Clinical Features

More than 85 percent of patients with acute bacterial meningitis present with the classic triad of fever, headache and stiff neck.[1] The meningismus may be subtle, marked or accompanied by Kernig's and/or Brudzinski's signs (which occur in about 50 percent of adult patients). Other signs and/or symptoms include vomiting (35 percent of patients) seizures (30 percent of patients), and cranial nerve palsies and focal cerebral signs (10 to 20 percent of patients). Papilledema occurs in less than 1 percent of patients during the early phase of infection, and its presence should suggest an alternative diagnosis.

Some categories of patients may not present with many of these classic symptoms and/or signs. In neonates, clinical clues to the presence of meningitis include temperature instability (hypothermia or hyperthermia), listlessness, high-pitched crying, fretfulness, lethargy, refusal to eat, a weak sucking response, irritability, vomiting, diarrhea and respiratory distress.[2] Because neonates usually do not have meningismus, a change in the child's affect or state of alertness is one of the most important signs. A bulging fontanelle may occur late in the course of the disease in one third of neonates. Forty percent of neonates have seizures. In the elderly patient with bacterial meningitis, the presentation may be insidious, with lethargy or obtundation, no fever and variable signs of meningeal irritation.[3] Examination of cerebrospinal fluid in these patients is crucial in order to diagnose bacterial meningitis.

Diagnostic Evaluation

Examination of cerebrospinal fluid values following lumbar puncture is necessary to make a definitive diagnosis of bacterial meningitis; typical findings are shown in Table 1. In patients with typical cerebrospinal fluid findings of bacterial meningitis and a negative cerebrospinal fluid Gram stain, several other laboratory tests are available to assist in making an etiologic diagnosis.[4]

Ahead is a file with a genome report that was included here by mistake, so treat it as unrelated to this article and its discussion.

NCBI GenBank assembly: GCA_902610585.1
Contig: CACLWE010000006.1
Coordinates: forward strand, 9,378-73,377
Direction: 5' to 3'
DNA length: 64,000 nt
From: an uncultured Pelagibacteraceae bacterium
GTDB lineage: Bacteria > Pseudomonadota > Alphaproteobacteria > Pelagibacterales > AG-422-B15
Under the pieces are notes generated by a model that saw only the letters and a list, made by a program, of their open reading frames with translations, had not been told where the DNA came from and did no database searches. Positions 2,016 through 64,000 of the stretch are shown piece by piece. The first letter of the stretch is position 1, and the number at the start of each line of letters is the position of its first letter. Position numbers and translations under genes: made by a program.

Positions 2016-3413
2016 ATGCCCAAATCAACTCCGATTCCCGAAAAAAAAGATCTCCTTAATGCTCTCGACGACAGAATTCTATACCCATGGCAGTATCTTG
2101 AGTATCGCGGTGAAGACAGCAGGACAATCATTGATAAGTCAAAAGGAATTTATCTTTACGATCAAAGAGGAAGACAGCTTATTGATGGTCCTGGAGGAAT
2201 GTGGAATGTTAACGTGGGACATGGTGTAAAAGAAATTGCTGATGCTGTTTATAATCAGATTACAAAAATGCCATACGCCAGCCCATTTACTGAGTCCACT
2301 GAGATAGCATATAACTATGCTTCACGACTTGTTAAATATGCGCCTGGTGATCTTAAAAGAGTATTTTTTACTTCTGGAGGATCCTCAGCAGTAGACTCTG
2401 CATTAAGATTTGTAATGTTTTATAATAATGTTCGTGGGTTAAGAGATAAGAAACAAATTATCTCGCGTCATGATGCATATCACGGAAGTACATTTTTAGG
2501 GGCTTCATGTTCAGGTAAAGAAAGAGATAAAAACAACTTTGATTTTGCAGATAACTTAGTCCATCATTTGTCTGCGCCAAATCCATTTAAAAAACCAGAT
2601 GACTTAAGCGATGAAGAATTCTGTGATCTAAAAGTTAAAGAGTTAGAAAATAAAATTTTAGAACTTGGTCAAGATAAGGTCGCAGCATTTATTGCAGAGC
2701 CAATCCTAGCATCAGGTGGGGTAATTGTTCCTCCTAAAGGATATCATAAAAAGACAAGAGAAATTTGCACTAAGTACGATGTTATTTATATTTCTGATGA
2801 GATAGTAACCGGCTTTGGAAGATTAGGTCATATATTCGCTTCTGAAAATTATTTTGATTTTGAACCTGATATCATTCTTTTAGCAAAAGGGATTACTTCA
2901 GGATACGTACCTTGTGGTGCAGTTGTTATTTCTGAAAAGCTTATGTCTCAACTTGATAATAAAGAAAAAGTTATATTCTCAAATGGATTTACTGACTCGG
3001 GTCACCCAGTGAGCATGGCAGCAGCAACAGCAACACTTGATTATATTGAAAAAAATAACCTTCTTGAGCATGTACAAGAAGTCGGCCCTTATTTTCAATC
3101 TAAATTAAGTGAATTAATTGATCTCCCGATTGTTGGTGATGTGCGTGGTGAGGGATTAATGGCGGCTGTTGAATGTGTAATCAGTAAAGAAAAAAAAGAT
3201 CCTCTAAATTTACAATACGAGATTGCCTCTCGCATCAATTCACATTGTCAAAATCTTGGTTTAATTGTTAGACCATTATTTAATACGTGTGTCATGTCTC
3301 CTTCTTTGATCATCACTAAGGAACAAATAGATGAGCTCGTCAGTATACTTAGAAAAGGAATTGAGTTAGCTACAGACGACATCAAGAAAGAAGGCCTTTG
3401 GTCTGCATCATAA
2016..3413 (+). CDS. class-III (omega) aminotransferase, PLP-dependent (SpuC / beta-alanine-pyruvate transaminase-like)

TABLE 1 Typical Cerebrospinal Fluid Values in Patients with Bacterial Meningitis

Duration of Therapy

The duration of antimicrobial therapy in patients with bacterial meningitis has traditionally been from 10 to 14 days for non-meningococcal isolates. However, several studies have documented that seven days of therapy is safe and effective for H. influenzae type b meningitis, although treatment durations must be individualized and some patients may require longer courses. Meningococcal meningitis can be treated for seven days with intravenous penicillin, although some authors have suggested that four days of therapy is adequate.

In patients with bacterial meningitis caused by enteric gram-negative bacilli, treatment should be continued for three weeks because of the high rate of relapse in patients treated with shorter courses of therapy. S. pneumoniae meningitis should be treated for 10 to 14 days. Antimicrobial therapy lasting from 14 to 21 days is recommended for meningitis caused by L. monocytogenes, Staphylococcus aureus and S. agalactiae. However, it is important to note that these treatment durations are based more on tradition than on rigidly standardized clinical trials.[1] Table 4 summarizes current recommendations for the duration of antibiotic treatment.

[22.] Wenger JD, Hightower AW, Facklam RR, Gaventa S, Broome CV. Bacterial meningitis in the United States, 1986: report of a multistate surveillance study. J Infect Dis 1990;162:1316-23.

[23.] Lebel MH, Hoyt MJ, McCracken GH Jr. Comparative efficacy of ceftriaxone and cefuroxime for treatment of bacterial meningitis. J Pediatr 1989; 114:1049-54.

[24.] Schaad UB, Suter S, Gianella-Borradori A, Pfenninger J, Auckenthaler R, Bernath O, et al. A comparison of ceftriaxone and cefuroxime for the treatment of bacterial meningitis in children. N Engl J Med 1990,322:141-7.